Zika Media Release

Thursday, September 01, 2016

See this important release from our County & City Health District:

August 31, 2016

 

Media Release

 

Angelina County & Cities Health District announces the first Zika Virus case in Angelina County.    This case was lab confirmed by the Centers for Disease Control and Prevention (CDC) on 8/22/16. 

The individual was infected with the Zika Virus through sexual contact with a partner who had travelled to a Zika infected area outside the United States.

The individual presented to a healthcare facility in Angelina County with Zika Virus symptoms and associated contact with someone what had traveled to a Zika infected area. The appropriate lab test was sent to DSHS and then forwarded to the CDC.

The individual received education regarding Zika Virus transmission, given a Zika Kit that contained DEET insect repellent, condoms, and information sheets.

 

Community Reminders:  

State health officials urge everyone to follow precautions to protect themselves from mosquito bites:

Apply EPA-approved insect repellent.
Wear pants and long-sleeve shirts that cover exposed skin. In warmer weather, wear lightweight, loose-fitting clothing that covers exposed skin.
Use screens or close windows and doors to keep mosquitoes out of your home.
Remove standing water in and around the home. This includes water in cans, toys, tires, plant saucers, and any container that can hold water.
Cover trash cans or containers where water can collect.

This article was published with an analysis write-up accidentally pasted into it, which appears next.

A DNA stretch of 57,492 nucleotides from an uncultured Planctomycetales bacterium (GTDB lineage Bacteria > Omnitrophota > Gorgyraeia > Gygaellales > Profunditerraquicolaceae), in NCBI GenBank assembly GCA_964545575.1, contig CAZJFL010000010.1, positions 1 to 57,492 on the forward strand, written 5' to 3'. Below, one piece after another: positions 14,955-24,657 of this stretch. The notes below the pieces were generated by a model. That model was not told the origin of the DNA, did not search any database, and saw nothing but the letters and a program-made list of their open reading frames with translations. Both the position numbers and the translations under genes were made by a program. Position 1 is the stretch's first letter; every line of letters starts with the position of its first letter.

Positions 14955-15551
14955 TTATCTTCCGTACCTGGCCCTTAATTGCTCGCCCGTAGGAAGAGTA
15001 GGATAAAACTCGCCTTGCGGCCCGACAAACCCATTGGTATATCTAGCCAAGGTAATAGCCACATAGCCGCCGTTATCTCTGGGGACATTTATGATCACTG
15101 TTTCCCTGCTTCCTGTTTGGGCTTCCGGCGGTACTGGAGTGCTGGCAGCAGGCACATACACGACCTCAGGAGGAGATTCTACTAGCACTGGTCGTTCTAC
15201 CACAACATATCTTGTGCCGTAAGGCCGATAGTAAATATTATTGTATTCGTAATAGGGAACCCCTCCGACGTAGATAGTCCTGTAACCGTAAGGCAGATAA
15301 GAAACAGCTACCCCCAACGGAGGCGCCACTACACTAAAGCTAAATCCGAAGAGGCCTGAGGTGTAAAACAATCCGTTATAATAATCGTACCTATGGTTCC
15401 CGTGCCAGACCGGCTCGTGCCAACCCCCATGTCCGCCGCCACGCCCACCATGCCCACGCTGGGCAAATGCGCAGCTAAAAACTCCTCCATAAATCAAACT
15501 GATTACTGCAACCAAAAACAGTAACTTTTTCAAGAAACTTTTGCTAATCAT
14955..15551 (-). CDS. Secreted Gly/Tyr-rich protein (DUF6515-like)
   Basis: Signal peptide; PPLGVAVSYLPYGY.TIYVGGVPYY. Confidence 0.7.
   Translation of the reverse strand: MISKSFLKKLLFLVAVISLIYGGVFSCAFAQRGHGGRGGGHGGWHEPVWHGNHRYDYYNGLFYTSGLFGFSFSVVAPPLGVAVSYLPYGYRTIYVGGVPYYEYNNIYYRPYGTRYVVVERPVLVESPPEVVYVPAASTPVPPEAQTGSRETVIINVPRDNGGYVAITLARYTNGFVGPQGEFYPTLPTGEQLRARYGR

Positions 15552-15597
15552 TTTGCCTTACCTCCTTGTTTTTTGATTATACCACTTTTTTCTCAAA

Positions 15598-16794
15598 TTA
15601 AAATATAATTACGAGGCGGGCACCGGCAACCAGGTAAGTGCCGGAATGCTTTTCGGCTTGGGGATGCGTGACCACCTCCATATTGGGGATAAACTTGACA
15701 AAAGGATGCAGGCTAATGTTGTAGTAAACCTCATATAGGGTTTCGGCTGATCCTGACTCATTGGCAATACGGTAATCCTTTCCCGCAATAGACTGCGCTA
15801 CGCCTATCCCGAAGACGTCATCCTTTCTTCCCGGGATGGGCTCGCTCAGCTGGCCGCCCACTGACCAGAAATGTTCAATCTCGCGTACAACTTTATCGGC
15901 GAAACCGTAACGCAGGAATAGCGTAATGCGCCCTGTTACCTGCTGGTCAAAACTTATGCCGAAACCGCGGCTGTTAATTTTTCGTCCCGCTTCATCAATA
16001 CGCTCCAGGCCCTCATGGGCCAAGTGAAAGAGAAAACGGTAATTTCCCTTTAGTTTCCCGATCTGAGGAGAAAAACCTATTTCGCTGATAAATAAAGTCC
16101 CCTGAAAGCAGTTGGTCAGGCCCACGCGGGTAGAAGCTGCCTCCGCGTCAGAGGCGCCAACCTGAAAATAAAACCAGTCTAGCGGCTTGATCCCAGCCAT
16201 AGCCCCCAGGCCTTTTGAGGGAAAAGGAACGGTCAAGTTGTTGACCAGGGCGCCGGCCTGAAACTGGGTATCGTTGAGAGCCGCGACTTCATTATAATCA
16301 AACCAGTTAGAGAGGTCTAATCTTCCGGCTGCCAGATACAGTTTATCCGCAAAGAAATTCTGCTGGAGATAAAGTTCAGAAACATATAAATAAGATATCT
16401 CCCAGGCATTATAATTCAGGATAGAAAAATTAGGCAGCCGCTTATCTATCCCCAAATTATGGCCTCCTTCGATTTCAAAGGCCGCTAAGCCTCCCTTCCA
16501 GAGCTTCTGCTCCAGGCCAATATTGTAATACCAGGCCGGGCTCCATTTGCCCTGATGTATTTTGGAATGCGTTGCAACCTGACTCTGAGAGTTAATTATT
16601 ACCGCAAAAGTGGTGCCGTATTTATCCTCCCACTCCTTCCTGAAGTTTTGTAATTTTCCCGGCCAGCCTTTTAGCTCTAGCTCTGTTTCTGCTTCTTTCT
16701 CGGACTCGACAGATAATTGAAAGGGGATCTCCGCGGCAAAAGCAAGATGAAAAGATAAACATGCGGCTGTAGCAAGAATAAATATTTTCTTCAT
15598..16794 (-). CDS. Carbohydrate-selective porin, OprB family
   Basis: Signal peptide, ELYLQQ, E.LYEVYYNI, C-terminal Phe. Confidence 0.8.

To avoid infecting local mosquitoes, people who travel to areas with active Zika transmission should apply insect repellent every time they go outside for at least three weeks after they return to Texas – and longer if they develop an illness that could be Zika.

Many people infected with Zika virus won’t have symptoms or will only have mild symptoms. The most common symptoms of Zika are

Fever    - Rash      - Joint pain           - Conjunctivitis (red eyes)

Other symptoms include:

Muscle pain          - Headache

 

Zika is usually mild with symptoms lasting for several days to a week. People usually don’t get sick enough to go to the hospital, and they very rarely die of Zika. For this reason, many people might not realize they have been infected. Symptoms of Zika are similar to other viruses spread through mosquito bites, like dengue and chikungunya.

CDC recommends special precautions for Pregnant Women/or could become Pregnant

Do not travel to an area with Zika

Do not travel to areas with Zika.
If you must travel, talk to your doctor or other healthcare provider first and take steps to plan for travel.
If your sex partner travels to an area with Zika, protect yourself from getting Zika during sex.

What to do if you live in or travel to an area with Zika

If you live in an area with Zika, or if you or your sexual partner travel to an area with Zika, follow the steps below to protect your pregnancy.

Take steps to prevent mosquito bites.
Take steps to prevent getting Zika through sex.
Talk with your doctor or healthcare provider.

 

Media Contact:

 

Sharon Shaw

Administrator

Angelina County & Cities Health District

936-633-0602

sshaw@acchd.us

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